Notepads and how you use them

They’re almost always included in conference swag, and in every stationary cupboard at work. But who here uses notepads? If you do, how do you use them?

Do you have a specific layout, or do you scribble?
How do you make sure things aren’t lost in the pages of your notepad?
What do you note down?


Me, I have several notepads:

  • One on my desk at home
  • One on my desk at work
  • One in my rucksack.

The rucksack one gets the least use, but it’s there for when I go to meetups, or if I’m having a chat with somebody in a pub and need to note something down. It’s there just in case!
Pages usually get scanned into Evernote (or recorded elsewhere) and ripped out of this one. I try to keep on top of it and keep it full of blank pages.

My other two notepads get the most use. I use them for jotting down things I need to make sure don’t get forgotten. They might be test steps I’ve taken, version numbers, build numbers, test plans. Reminders of things I need to go back and look into. Reminders to speak to people tomorrow. Things I need to remember from a meeting. Things I need to remember to mention during a meeting.

Normally things have to be transferred elsewhere (either in a Jira ticket, in my computer based todo list, or elsewhere) otherwise they tend to be forgotten about and lost in the pages!

I tend not to have any kind of specific layout. I’m quite bad at that. I just make sure everything is dated, but other than that I just scribble away. I wish I had a good way to lay things out, separate things, and make sure things don’t get lost…


I still use a notepad everyday at work and never go anywhere in the office without it.

I find that if I don’t use my notepad to scribble out my thoughts around my current task I fall foul to jumping straight onto my laptop and inevitably wasting time trying to implement a solution off the top of my head.

In my notepad I primarily tend to use diagrams, flowcharts and bullet point lists of how I will approach a task. I often fill an entire page before taking a break, starting a fresh page and beginning again on my notepad with a hopefully more refined approach to my task.

I’ve started using post-it notes with my daily things to do lists stuck to my monitor as I find I respond well to physical representations of tasks.

I don’t lay things out or date things neatly. It’s simply a blank canvas for my current thought process. If I do feel that something I have scribbled or sketched down then I will make myself a task to capture it digitally somewhere more structured and permanent.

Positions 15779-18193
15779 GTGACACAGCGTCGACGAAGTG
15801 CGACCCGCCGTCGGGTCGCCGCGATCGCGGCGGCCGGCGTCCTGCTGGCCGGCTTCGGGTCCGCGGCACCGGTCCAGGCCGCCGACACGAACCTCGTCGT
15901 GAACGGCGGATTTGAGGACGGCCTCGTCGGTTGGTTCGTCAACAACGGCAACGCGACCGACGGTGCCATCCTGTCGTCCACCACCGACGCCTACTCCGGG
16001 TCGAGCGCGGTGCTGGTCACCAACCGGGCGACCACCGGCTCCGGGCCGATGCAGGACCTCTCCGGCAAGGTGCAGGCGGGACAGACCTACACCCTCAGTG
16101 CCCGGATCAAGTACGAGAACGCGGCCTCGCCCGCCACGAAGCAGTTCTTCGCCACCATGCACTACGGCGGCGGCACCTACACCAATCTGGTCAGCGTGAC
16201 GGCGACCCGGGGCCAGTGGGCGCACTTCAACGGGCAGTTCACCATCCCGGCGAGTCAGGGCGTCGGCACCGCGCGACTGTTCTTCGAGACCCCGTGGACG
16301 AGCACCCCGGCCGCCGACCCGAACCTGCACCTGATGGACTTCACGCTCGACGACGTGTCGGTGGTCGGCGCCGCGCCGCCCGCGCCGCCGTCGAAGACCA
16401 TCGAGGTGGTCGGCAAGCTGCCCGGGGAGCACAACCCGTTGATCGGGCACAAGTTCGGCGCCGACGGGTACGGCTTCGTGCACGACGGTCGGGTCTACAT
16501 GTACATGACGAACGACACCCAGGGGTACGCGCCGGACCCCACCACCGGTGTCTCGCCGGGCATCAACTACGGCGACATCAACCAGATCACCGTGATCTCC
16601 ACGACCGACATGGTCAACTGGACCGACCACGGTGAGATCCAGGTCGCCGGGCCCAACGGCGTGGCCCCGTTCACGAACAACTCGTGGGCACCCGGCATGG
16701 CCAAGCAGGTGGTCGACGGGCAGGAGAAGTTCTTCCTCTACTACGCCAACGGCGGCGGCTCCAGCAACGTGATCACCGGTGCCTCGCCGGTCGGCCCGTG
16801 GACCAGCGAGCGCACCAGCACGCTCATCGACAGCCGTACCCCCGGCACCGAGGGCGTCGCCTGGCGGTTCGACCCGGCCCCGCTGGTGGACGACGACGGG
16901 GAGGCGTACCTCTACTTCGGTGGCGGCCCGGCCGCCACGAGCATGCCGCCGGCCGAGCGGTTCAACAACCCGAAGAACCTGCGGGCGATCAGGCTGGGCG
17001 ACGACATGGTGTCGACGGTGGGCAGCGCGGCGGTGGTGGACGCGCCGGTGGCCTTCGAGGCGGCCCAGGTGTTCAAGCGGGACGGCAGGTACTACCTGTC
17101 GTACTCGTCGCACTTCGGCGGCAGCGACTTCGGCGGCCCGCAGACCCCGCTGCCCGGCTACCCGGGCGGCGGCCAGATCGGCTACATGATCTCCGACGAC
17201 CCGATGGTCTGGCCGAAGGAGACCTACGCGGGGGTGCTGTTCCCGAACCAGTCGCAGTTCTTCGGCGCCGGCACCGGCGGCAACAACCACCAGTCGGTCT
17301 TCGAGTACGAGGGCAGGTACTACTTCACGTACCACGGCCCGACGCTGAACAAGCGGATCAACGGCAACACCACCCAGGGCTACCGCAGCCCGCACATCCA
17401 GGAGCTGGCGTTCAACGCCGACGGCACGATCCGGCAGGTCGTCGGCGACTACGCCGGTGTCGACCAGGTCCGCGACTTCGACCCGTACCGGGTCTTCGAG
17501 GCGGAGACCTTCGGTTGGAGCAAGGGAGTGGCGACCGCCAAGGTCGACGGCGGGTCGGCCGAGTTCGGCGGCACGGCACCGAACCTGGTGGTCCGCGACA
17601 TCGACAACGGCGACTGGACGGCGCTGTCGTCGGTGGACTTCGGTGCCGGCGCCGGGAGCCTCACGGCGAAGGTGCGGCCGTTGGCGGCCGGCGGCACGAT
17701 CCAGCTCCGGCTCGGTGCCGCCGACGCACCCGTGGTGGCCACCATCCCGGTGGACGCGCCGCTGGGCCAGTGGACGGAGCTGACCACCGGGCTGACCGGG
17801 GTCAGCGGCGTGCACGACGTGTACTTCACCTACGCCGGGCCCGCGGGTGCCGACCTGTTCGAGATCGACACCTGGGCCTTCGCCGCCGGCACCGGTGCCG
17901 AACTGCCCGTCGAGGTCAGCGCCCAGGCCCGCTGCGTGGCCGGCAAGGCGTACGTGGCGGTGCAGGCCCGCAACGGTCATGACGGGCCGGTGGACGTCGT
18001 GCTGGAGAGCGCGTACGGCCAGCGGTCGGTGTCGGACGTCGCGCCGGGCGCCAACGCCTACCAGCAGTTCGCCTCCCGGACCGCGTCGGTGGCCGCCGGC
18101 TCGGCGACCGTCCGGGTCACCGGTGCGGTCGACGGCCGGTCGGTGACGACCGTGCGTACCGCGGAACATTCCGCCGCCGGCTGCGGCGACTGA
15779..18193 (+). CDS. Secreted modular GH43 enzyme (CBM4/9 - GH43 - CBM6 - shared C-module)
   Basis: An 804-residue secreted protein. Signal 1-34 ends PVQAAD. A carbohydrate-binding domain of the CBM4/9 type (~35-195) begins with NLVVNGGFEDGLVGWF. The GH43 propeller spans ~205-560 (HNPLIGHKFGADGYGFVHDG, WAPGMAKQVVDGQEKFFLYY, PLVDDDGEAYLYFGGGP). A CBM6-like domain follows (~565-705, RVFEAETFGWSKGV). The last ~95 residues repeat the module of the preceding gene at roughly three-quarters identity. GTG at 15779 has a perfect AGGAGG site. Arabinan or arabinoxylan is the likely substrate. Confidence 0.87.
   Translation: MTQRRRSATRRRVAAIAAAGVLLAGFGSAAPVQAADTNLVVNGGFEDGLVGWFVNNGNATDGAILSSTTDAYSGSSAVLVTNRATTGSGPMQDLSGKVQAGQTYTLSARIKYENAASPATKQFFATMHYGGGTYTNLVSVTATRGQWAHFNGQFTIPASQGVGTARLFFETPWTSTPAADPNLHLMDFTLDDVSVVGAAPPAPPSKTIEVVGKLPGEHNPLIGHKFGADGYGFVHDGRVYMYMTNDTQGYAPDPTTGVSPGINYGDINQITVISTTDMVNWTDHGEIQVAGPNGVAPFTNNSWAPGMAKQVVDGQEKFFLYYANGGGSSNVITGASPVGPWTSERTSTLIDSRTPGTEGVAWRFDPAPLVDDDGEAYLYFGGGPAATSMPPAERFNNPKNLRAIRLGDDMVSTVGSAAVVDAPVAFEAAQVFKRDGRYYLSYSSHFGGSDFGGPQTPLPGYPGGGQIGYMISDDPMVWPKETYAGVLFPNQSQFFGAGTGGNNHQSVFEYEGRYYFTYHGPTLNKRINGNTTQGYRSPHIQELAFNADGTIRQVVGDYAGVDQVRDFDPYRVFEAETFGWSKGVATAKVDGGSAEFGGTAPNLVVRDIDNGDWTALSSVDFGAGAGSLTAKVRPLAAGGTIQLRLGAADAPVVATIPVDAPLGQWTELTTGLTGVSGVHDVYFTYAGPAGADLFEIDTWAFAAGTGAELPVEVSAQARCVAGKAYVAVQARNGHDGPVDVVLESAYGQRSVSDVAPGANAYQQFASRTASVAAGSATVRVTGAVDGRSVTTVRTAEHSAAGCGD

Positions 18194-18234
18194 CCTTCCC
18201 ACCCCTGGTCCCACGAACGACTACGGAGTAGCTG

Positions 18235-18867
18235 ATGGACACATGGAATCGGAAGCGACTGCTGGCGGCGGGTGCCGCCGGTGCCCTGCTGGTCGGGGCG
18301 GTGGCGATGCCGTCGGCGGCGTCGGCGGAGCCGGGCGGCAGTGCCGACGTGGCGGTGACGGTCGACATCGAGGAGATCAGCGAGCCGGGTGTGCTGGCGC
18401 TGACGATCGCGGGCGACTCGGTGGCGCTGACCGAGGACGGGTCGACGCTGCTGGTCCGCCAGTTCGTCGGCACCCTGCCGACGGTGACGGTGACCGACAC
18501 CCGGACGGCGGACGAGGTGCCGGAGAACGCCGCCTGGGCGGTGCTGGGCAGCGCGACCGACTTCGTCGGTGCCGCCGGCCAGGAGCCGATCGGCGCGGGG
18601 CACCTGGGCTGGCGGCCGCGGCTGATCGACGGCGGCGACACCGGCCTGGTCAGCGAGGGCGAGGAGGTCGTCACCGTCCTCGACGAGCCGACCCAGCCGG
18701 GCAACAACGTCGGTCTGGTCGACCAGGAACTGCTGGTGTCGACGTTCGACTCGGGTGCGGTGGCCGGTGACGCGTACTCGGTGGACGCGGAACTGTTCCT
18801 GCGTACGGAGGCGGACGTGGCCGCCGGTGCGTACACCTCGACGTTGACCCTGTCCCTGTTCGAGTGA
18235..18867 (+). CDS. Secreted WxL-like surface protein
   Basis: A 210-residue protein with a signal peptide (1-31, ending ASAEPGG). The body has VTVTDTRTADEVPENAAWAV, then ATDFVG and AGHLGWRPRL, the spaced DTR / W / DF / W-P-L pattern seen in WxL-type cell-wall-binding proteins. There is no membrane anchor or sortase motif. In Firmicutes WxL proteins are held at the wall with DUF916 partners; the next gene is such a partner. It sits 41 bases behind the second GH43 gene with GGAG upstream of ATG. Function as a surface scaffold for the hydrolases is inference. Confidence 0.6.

Long live the physical thought catcher! (notepad)


I do get notepads in conference, that’s right.
They are perfect gifts for my kids who are happy to use them as drawing pads.
Personally I jot down things directly in my phone or my laptop (evernote mostly).
I occasionally steal a page of paper from the printer when I need to draw something or if I need to go to a meeting where phones/laptop are not allowed, but then I realise I do not know how to use a pen anymore :wink: (well and in fact I don’t own a pen anymore!).

So, not a huge notepad user as you can see :slight_smile:

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I always have one with me and use it to capture thoughts and ideas mostly but also reminders to do things. I use that as a base to write things up more formally if needed. I’m not a great sleeper and many years ago it was suggested to me to have a notepad at the side of my bed so if I think of something in the night, writing it down ‘tricks’ the brain into letting it go as you have a reminder. Sometimes works, sometimes doesn’t but there has been times when I’ve been glad I captured things I’d simply forgotten by the time I woke.


I find taking notes incredibly helpful, and use notepads excessively. I use two types:

A notepad at work, which I divide into two sections:

  • the front section where each week gets a double page. I use it to record what I’ve done each day, things I need to do, things to discuss in my weekly 1:1, time I spent on different projects. This is all useful for keeping high level track of what I’m doing, where my time is spent, what things occupy me, where I’m blocked etc.
  • the back section for meeting notes, drawing diagrams, test ideas, exploratory testing notes, thinking, etc.

A notepad for my learning (meetups, exploring topics, conferences). I coulor code the entries here with markers after the fact:

  • blue marker: talks, workshops, conferences, meetups, lunch & learn (if not company related)
  • green marker: notes that I take while reading a book, an article, watching a video
  • orange marker: drafts, ideas, plans on talks, workshops, articles I’m doing, e.g. my thinking space

The division works really well for me as it keeps all the work/project and ergo somewhat confidential stuff in one place, and all the generic thinking/testing stuff in another place!


I’ve moved away from physical notes a few years ago, way back before I even started working as a tester. Whenever I need to write something down I use Evernote, and for photos and files I use Google Drive.

For temporary notes during testing session, I also use private Trello board. Since we use Trello as our task management tool on a company level, after I’m done testing I can easily reformat my notes as task cards and then copy them to related project boards.

Might not be the fastest or easiest way to take notes, but it works well for me. Another good thing is that everything is accessible from any computer or smart device that I have.

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The first page of any notepad I have is really tidy, well structured, has dates and projects and stuff. It gets slowly scruffier until the last page, where it’s mainly doodles with bits of important notes scribbled down the sides.


My notepad has three main usages: